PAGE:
An experimental drug that failed to stop mental decline in Alzheimer's patients also signaled potential benefit that suggests it might help if given earlier, fuller results of two major studies show.
Some patients on the drug had stable levels of brain plaque and less evidence of nerve damage, compared with others who were given a dummy treatment, researchers reported yesterday.
The drug bapineuzumab is made by Pfizer Inc. and Johnson & Johnson. The new results suggest it might work if given sooner, before so much damage and memory loss have occurred that it might not be possible to reverse, experts say.
"We're very disappointed that we were not able to come up with a treatment to provide to our dementia patients in the near term," said Dr. Reisa Sperling, director of the Alzheimer's center at Brigham and Women's Hospital in Boston and leader of one of the studies.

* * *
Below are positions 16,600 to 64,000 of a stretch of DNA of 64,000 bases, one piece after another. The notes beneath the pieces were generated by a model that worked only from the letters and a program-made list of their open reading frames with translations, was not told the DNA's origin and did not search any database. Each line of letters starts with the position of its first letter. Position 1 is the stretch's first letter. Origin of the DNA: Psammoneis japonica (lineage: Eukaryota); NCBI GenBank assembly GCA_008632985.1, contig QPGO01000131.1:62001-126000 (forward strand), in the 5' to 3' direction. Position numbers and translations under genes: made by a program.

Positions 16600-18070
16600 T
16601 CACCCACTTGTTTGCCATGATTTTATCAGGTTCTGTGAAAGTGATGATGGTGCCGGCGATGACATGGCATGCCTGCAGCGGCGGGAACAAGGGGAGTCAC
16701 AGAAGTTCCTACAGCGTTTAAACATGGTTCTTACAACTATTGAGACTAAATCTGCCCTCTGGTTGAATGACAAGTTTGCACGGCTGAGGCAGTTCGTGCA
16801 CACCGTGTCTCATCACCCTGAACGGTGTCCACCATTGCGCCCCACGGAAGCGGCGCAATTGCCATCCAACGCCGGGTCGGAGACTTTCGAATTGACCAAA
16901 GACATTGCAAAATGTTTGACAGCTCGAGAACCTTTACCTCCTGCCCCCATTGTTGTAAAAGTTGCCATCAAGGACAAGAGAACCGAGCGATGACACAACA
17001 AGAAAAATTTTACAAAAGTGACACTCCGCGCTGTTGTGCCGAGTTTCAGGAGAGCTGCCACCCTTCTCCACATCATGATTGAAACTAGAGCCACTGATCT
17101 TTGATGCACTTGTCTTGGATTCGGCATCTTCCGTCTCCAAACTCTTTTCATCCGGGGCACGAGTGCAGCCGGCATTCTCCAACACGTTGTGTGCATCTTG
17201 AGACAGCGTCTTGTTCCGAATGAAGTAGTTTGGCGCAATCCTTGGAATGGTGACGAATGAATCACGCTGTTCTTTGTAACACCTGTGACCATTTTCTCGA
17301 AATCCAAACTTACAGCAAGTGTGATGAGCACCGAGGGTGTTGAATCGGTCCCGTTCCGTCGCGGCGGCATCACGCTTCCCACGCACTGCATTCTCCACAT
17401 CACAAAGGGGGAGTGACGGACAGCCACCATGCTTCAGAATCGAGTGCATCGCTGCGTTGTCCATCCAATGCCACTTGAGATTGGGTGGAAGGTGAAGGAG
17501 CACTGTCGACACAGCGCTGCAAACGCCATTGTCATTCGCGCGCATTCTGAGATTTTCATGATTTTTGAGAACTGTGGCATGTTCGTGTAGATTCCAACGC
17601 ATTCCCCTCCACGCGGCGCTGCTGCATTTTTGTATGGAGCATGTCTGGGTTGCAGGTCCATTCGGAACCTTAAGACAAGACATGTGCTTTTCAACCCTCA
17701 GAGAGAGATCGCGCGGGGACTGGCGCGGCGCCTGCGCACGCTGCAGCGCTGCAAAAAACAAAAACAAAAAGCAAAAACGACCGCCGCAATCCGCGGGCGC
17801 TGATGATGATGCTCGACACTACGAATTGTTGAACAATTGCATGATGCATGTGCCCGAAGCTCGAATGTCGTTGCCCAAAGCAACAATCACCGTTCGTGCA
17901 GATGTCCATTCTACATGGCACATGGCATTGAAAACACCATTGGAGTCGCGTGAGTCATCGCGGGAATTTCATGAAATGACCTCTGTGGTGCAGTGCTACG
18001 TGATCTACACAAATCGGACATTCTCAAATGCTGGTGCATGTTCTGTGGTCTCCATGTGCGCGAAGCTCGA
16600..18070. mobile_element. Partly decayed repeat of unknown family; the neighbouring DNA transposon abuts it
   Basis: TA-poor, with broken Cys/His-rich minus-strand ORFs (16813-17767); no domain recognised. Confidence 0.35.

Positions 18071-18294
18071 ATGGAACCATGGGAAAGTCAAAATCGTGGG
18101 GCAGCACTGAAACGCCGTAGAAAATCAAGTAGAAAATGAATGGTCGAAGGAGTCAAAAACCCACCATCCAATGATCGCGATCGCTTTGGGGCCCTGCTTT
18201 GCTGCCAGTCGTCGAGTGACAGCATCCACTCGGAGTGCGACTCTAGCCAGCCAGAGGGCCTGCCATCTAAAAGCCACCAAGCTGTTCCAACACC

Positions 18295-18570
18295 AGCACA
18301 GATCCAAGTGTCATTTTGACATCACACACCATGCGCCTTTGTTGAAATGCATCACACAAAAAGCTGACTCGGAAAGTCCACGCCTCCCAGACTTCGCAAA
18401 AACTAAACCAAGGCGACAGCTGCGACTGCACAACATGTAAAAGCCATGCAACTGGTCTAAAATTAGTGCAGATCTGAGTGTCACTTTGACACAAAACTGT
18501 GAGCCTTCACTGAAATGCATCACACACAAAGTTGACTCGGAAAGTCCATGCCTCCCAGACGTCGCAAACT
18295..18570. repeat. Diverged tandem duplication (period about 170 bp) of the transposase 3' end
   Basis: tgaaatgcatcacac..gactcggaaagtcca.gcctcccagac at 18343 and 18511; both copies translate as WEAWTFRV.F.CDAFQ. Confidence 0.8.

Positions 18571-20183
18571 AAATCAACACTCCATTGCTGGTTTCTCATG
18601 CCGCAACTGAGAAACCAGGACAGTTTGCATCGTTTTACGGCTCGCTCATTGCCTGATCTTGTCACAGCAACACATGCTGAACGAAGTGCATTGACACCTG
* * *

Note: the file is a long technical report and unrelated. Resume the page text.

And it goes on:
But brain imaging and spinal fluid tests are "very encouraging" and suggest the drug was "doing something to the biology of the disease," she said.
Of people with mild cognitive impairment, about 15 to 20 percent a year will develop Alzheimer's disease. About 35 million people worldwide have dementia. In the United States, about 5 million have Alzheimer's.
Current medicines such as Aricept and Namenda ease symptoms just temporarily. There is no known cure.
Sperling's study involved people with a gene that raises the risk of developing the disease. Dr. Stephen Salloway, a neurologist at Brown Medical School in Providence, R.I., led the other study of people without the gene. Both have consulted for the companies that make the drug and presented results yesterday at a neurology conference in Stockholm.